After a lunch of chapattis (made by the children) and an onion and cabbage salad, we set out on the next part of our scheduled activities. This was to see the cultural museum that the children had created in the house that they had built for me last year. The items that the children had put into the museum were very traditional and dated back to the Iron Age. The children had made wooden re-creations of the knives and spears and told us about how they were used. One of the children who showed us around was Wilbur, a real character. He is known as ‘Senior’ I thought because he is small in stature, but apparently because he is so responsible and will forgo playing with his friends to do family chores. Wilbur also made me laugh when I was trying to count to twenty in Rukiga. He kept correcting me when my pronunciation was wrong… he would make a good teacher.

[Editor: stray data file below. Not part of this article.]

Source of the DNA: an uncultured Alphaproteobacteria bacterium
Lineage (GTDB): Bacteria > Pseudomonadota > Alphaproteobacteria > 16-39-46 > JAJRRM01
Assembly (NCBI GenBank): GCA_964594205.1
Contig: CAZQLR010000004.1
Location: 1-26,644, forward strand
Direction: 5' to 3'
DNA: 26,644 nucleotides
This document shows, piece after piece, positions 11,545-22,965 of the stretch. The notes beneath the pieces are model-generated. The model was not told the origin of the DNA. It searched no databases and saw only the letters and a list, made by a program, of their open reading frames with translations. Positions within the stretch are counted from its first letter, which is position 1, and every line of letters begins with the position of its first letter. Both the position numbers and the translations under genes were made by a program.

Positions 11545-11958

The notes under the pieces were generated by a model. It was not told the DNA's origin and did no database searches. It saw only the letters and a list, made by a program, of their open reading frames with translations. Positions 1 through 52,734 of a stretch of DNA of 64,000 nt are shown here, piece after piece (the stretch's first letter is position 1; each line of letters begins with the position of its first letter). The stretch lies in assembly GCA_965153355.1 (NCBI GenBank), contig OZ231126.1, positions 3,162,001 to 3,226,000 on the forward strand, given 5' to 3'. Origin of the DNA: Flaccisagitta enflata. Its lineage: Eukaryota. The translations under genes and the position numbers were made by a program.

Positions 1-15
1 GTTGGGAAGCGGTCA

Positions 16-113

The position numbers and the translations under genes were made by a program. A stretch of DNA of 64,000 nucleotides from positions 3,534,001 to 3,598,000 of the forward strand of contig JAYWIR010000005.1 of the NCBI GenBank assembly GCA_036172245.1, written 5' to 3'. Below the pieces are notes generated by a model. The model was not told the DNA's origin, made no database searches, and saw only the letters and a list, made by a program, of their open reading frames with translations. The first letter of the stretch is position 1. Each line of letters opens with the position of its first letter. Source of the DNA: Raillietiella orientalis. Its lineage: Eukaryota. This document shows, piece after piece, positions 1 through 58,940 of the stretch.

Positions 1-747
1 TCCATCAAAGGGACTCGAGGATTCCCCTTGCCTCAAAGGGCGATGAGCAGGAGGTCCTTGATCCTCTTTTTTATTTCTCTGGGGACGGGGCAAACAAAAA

We left the school at 3.00pm and headed for Rumuru Primary School where Winnie, the former head of Kafuro Primary School was waiting for us. In Ugandan schools most headteachers are transferred every couple of years and Winnie was promoted to the headship of a larger school; Rumuru has over 500 pupils compared to the 330 at Kafuro. Winnie was very pleased to see us and gave us a tour of the grounds and the classrooms. This was followed by an assembly where we introduced ourselves and gave words of encouragement to the pupils. Once again my attempts to speak Rukiga were met by the children rolling around with laughter, quite literally in some cases. What really pleased both of us was that Yowasi intends to share the weather station as a learning resource with other schools. They will book in times to visit kafuro. This is something that I had never considered suggesting but it turns out that the only other weather station with anything like the capability of ours is at the UWA Education Centre on Mweya, and schools have to pay a large sum of money by Ugandan standards to visit. Visiting Kafuro will be much cheaper!